I had to look for the good, the funny, the crazy and ironic. I had to let go, give up, give in, and simply trust. So much was so way beyond anything I could have prepared for that it was in away, left up to luck, to chance–to hope. And maybe that’s where the happy part comes in. When you can’t control it, you might as well choose to see the good, any good that comes your way.

The smallest of good/happy moments could make my day–a cardinal dipping past my window–I love how they fly–dip, dip, dip–their bright wings in defiance of a winter morning.

Bottom line, if Abe Lincoln can choose to be happy, then so can I.

Happy for no reason. Let luck and chance blow in like a surprising summer rain. Trust that it’s all meant for the good.

Right now, with all the economic challenges we face individually and collectively, I feel like I don’t have a choice–either crawl in the bed and pull up the covers (indefinitely), or keep an eye out for bright red birds and all the amazing small wonders that surround us.

Carol D. O’Dell

Author of Mothering Mother, available on Kindle

Family Advisor at Caring.com

www.caroldodell.com

Read Full Post »

I’m not much for regrets. I don’t think we as individuals, family members, or caregivers should even strive to perfect. Our faults and foibles define us and teach us. Besides, have you ever been around someone who was trying too hard? It’s exhausting and annoying. I love the Japanese concept of Wabi-Sabi–the beauty found in imperfection.

I found this definition at Nobel Harbor, written by Tadao Ando, a Japanese architect. This essay on Wabi Sabi so touched me that I thought I’d share it–it’s how I strive to live my life.

Pared down to its barest essence, wabi-sabi is the Japanese art of finding beauty in imperfection and profundity in nature, of accepting the natural cycle of growth, decay, and death. It’s simple, slow, and uncluttered-and it reveres authenticity above all. Wabi-sabi is flea markets, not warehouse stores; aged wood, not Pergo; rice paper, not glass. It celebrates cracks and crevices and all the other marks that time, weather, and loving use leave behind. It reminds us that we are all but transient beings on this planet-that our bodies as well as the material world around us are in the process of returning to the dust from which we came. Through wabi-sabi, we learn to embrace liver spots, rust, and frayed edges, and the march of time they represent.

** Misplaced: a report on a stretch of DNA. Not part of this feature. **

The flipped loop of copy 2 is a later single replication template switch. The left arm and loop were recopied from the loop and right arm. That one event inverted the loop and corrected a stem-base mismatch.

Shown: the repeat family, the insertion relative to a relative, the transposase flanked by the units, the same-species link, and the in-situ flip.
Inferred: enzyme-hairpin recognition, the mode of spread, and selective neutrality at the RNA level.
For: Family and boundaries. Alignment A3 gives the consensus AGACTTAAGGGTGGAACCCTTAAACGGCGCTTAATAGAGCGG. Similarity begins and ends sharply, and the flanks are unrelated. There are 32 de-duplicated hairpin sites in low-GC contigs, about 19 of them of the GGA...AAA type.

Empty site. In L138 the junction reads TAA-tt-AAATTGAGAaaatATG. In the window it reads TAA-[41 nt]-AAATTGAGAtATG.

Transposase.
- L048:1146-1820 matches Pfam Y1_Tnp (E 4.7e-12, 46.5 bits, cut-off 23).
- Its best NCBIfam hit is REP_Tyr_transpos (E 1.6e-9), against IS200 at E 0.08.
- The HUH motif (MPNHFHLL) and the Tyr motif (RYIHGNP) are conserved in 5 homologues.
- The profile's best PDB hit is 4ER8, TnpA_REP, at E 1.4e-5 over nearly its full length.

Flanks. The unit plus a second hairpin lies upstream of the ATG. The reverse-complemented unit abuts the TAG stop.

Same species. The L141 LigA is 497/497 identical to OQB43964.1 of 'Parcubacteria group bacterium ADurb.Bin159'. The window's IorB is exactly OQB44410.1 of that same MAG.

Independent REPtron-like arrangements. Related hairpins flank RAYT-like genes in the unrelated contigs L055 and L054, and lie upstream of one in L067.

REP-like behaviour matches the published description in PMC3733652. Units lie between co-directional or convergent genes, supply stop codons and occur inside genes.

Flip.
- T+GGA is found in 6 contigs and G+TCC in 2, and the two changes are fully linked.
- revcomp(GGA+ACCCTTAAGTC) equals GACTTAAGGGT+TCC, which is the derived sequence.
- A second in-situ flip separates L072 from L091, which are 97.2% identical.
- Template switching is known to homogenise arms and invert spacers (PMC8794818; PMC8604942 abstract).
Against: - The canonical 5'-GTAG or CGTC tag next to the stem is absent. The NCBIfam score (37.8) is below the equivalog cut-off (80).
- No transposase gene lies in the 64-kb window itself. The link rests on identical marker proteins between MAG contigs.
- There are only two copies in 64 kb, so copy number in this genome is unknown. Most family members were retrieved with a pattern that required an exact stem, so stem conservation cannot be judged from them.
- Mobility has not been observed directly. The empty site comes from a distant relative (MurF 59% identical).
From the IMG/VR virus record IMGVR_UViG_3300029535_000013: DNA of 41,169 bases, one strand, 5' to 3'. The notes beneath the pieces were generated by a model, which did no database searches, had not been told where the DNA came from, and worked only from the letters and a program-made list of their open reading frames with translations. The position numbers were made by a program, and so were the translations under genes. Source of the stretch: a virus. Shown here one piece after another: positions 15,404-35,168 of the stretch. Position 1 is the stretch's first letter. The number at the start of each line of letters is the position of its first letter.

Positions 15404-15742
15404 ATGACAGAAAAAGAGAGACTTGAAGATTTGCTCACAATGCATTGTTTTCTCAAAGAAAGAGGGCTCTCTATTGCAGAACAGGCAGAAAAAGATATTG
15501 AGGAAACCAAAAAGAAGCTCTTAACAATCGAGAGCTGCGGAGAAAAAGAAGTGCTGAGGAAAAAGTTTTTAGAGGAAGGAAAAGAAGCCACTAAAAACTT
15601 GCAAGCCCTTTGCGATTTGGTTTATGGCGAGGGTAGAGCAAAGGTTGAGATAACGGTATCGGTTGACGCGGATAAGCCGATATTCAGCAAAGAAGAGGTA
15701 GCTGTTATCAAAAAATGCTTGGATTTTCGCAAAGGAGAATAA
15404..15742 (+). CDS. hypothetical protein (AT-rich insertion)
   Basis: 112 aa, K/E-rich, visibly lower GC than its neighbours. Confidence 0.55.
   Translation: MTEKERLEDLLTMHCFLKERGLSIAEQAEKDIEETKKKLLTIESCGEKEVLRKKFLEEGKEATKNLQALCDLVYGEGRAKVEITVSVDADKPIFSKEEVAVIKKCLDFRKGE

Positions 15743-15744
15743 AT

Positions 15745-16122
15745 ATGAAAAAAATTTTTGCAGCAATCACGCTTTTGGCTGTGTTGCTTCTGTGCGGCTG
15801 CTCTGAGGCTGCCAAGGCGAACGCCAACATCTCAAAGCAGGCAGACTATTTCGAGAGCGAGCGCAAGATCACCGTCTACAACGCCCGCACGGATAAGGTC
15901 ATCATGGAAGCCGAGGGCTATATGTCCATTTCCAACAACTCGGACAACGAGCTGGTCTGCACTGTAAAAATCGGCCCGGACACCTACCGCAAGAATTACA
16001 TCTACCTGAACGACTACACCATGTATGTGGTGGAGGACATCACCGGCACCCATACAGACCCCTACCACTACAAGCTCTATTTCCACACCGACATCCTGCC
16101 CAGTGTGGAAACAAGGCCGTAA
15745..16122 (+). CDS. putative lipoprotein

But I do wish I had known back then what I know now.

In regard to caring for my mother, I tell myself I was busy. There was never enough of “me” to go around. I had to eek out my time and love in tiny drops just to give everybody a piece. That was true, and asking a caregiver to stop spinning in a maddening circle is asking them to do the impossible.

The  busy-ness (observation–busy-nessand business is not necessarily the same), franticness, never stop breakneck speed is a protective stance.

I had a the privilege of being a real part of my mother’s life the last 15 years she was on earth. Daddy had died, and I was her closest relative. Although I’m adopted, that doesn’t change anything in terms of family dynamics–they were my parents, and I was their daughter. If anything, adoption added a little extra cement to our bond. 

I spent hours and hours with my mother–driving her to doctor appointments, to the grocery store, and to the million errands she could concoct just to get out of the house. And in the end, my mother lived with my family and me–she became a part of the O’Dell household complete with two dogs, two cats, three teenagers, my husband and myself. Most of the time she didn’t think about being a part of anything–by then, life, she believed, evolved around her. It was my job to incorporate her, create balance to my home, and not let anyone yell “fire” and hog all the time and attention away from the delicate harmony of our home.